Ignorance is not bliss. It’s going to hurt a little and there will be times when I’ll feel lonelier and frustrated, a far worse and longer lasting punch than the snarky teen sulks or eye rolls or silent treatment can pack. This kind sticks and there is no boomerang effect with some comforting rhythm or reset returning the next day. I’ll need to pick up with my own new rhythm, whatever that will look like. I hope to stop looking backward, or forward, trying to manipulate these moments, and just be here for all of them, pull my shoulders out of my ears and let the noise or silence wrap me in some kind of peace.

I am in the middle of a song, a rhythm that has kept moving and moving me along. For 19 years I’ve been in the song —  singing, crying, sleeping and smiling — but always in the song. The lullabies, the lyrics, they’ve lulled me too. Now they’re replaced with ear pods in my sons’ ears, keeping my babies in their world and me increasingly out. This is normal I tell myself, but I can feel it, I can feel him already gone. I’m a sea creature that has attached myself to my children, emitting helpful stuff and sucking up their mess, which oddly enough feeds me too. This co-dependency is addictive.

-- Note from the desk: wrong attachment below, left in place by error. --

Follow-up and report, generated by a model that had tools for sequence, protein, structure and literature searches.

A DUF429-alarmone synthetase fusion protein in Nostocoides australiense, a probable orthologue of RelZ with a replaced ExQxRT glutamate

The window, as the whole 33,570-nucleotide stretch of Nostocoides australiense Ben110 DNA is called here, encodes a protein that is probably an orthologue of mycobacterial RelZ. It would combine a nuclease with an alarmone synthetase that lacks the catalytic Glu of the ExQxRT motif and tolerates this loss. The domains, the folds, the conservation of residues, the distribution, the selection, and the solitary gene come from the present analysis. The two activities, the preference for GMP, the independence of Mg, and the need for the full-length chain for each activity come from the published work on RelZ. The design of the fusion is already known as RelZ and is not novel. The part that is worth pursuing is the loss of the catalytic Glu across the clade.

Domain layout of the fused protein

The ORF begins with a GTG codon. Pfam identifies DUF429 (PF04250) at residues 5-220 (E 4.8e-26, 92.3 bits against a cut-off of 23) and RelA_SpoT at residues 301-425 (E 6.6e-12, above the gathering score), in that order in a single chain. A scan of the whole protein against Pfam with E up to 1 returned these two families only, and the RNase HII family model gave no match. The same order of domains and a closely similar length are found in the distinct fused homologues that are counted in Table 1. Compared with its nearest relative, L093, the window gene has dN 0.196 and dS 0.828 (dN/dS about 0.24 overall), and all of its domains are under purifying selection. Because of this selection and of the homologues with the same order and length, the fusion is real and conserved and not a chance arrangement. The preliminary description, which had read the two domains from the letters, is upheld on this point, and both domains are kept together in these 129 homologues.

I did it in my 20s when my parents were sick, rushing to their side in the hospital, smuggling in ham and cheese omelets, onion pizzas and whatever else they craved. I’ll do it for you, too, if you’re my person and you need me. I can’t help myself wanting to pave the way and make it easier, less scary, tastier and comfier. Yet I worry that I’ve lost myself in the process, so hyper focused on everyone else. I’ve become the classic middle age empty nester scratching my head and wondering what next. Will I have the courage to pursue my dreams if and when I can bring them into focus?

 

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Treasure Trove

More than a month has passed since the summer solstice. Daylight is officially narrowing and the universe is whispering,  c a r p e   d i e m ! Time is in full throttle fast forward mode, and I’m over here looking for the pause button to take a closer look. I’m doing my best to taste it all, but new courses keep coming as I’m still blowing on my first bite, waiting for it to cool. There’s another four-top and the waiter is itching to clear the table, but I’m still working on my plate. It’s like I’m in a store and the salesperson keeps peppering me with questions: What are you looking for? I’m just looking, I insist. Can’t I just look? Evidently there isn’t time. Days fly by and big things keep happening.